New York-based asset manager Van Eck Global has launched Market Vectors Emerging Markets Local Currency Bond ETF (NYSE Arca: EMLC), the first U.S.-listed exchange-traded fund (ETF) designed to provide investors with exposure to an index that tracks a basket of bonds issued in local currencies by emerging market governments. The Fund has a gross expense ratio of 0.60 percent and net expense ratio of 0.49 percent.

EMLC seeks to replicate as closely as possible, before fees and expenses, the price and yield performance of J.P. Morgan Government Bond Index-Emerging Markets Global Core Index (ticker: GBIEMCOR). J. P. Morgan is a major provider of innovative emerging market indexes, with approximately $80 billion benchmarked to its GBI-EM index family as of June 23, 2010. GBIEMCOR currently has 171 constituents with maturities ranging from one to 30 years, and an average yield-to-maturity of 6.8 percent as of July 1, 2010.

The Index currently tracks a selection of bonds issued in local currencies by thirteen emerging market countries representing Latin America, Eastern Europe, Africa, and Asia: Brazil, Colombia, Egypt, Hungary, Indonesia, Malaysia, Mexico, Peru, Poland, Russia, South Africa, Thailand, Turkey. GBIEMCOR is market-cap weighted, with individual country exposures capped at 10 percent to provide more diversification among countries within the index. As of July 1, 2010 six countries met the 10 percent threshold, including Brazil, Malaysia, Mexico, Poland, South Africa and Thailand. Index rebalancing occurs monthly.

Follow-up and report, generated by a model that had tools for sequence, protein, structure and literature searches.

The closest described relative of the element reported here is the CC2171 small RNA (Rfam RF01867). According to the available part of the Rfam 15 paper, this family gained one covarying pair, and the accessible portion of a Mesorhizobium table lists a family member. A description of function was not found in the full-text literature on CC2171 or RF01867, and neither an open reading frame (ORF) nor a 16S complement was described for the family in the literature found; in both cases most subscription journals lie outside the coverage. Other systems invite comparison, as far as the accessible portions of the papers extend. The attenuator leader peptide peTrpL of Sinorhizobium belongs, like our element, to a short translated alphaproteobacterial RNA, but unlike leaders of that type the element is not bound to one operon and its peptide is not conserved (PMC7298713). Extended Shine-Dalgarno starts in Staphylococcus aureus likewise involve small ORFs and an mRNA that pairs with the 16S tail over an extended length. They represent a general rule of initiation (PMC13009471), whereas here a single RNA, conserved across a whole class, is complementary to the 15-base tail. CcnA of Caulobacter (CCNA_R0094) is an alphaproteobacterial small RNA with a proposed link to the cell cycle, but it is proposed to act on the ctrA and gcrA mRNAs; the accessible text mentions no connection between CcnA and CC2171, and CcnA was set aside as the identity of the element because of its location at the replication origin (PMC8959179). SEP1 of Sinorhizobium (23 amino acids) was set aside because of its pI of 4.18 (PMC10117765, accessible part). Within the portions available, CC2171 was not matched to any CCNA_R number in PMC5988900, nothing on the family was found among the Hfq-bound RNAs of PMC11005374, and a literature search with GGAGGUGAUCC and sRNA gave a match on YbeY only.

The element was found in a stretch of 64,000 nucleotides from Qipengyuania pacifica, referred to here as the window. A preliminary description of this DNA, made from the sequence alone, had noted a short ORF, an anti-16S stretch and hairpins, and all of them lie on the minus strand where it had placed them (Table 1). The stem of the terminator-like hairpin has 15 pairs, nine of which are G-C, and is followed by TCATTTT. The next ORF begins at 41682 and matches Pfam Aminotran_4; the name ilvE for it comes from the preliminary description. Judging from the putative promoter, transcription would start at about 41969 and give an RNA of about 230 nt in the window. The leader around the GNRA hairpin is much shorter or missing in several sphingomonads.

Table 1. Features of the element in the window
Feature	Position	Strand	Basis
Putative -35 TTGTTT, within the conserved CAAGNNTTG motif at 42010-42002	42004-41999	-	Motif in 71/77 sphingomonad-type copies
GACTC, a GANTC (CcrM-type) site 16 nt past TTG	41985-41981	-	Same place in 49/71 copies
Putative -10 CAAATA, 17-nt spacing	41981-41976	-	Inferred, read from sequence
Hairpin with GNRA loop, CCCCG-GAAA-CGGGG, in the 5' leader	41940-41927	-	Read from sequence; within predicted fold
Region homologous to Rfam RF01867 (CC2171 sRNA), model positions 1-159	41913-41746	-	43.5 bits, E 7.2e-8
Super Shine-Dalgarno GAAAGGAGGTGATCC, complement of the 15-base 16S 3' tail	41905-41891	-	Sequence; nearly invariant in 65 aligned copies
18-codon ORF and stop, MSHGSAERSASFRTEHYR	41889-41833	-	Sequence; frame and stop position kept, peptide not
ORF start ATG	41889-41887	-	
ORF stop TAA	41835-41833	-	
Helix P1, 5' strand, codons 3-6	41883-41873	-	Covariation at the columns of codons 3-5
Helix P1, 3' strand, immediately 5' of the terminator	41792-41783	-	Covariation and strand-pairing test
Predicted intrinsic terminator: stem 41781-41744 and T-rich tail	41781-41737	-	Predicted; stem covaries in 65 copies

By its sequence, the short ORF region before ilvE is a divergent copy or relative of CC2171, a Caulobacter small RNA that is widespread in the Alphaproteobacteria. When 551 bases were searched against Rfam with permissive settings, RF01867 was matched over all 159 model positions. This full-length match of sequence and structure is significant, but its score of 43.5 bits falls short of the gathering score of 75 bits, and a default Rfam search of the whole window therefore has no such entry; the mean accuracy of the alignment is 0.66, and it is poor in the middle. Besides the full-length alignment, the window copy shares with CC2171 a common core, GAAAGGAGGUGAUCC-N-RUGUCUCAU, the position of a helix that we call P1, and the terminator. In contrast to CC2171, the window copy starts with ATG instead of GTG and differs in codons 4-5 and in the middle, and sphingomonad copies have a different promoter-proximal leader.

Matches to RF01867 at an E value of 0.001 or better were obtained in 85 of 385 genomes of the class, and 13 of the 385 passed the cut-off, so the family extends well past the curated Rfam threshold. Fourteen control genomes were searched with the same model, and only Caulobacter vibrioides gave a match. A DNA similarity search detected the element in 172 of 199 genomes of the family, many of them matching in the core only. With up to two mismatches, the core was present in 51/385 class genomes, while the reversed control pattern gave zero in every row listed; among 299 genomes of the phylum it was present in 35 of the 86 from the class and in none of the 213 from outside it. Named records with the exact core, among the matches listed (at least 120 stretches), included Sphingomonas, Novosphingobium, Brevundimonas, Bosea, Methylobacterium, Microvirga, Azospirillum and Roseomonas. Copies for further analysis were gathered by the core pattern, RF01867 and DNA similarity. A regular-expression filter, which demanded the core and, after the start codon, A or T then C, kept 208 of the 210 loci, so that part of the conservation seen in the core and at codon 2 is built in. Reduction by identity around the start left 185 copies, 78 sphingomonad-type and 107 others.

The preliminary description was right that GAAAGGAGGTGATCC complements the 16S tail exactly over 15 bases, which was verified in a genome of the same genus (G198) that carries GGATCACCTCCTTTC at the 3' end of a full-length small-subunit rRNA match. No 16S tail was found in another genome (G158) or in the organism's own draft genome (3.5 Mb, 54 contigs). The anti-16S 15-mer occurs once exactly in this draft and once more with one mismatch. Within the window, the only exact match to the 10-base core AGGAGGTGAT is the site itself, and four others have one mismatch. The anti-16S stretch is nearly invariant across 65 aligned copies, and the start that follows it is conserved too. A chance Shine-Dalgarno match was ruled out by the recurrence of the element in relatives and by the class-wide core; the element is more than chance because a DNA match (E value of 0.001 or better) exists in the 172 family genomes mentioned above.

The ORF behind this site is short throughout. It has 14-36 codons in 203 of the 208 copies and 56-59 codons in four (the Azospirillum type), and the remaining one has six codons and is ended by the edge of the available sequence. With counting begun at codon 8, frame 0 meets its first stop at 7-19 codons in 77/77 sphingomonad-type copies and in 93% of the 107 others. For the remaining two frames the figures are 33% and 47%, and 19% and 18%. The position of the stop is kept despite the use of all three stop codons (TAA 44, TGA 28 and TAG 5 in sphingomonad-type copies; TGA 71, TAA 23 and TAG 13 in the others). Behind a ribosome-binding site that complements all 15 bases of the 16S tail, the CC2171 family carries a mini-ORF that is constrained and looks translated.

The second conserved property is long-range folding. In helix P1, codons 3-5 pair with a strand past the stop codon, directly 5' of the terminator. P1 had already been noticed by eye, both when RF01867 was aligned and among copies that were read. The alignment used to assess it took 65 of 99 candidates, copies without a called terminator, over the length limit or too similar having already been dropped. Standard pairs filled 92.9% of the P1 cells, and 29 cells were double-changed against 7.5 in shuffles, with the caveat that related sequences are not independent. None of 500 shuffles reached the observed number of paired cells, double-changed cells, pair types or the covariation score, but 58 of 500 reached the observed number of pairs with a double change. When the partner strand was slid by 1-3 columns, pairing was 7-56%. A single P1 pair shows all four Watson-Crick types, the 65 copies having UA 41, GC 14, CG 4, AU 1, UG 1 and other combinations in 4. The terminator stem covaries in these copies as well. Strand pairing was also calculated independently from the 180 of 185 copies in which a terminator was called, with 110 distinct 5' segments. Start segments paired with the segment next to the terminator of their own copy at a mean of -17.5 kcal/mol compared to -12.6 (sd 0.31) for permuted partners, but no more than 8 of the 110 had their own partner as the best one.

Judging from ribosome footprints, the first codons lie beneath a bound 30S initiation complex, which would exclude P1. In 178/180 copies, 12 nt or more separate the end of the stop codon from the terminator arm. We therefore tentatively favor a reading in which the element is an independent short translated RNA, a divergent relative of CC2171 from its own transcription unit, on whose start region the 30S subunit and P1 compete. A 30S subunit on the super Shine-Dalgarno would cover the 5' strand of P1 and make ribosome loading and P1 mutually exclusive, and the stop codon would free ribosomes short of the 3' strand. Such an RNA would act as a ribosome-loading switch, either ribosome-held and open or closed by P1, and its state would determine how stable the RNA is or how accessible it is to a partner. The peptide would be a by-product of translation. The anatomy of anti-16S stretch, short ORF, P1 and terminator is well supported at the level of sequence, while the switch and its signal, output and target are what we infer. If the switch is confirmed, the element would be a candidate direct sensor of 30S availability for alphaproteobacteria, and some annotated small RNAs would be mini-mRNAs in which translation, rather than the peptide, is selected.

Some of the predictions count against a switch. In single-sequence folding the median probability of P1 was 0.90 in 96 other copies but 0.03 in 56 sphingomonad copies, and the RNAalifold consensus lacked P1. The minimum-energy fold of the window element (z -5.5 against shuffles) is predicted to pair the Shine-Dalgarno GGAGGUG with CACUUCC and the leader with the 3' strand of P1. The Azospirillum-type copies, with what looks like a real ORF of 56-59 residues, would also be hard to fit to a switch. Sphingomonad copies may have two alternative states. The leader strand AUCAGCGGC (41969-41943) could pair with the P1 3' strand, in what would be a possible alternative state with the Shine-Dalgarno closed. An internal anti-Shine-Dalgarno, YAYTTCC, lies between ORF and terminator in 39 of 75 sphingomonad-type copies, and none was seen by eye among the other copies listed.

“With EMLC, we’ve created an ETF that allows investors to participate in the dynamics of the local emerging market economies, which include potential for currency appreciation and higher yields, relative to their developed market counterparts,” said Jan van Eck, Principal at Van Eck Global. “We’re very excited to be able to provide a means for tracking an index from the popular J.P. Morgan local currency bond index family, particularly at a time when the global markets are witnessing the growing importance of new economic leaders in regions such as Asia and Latin America.”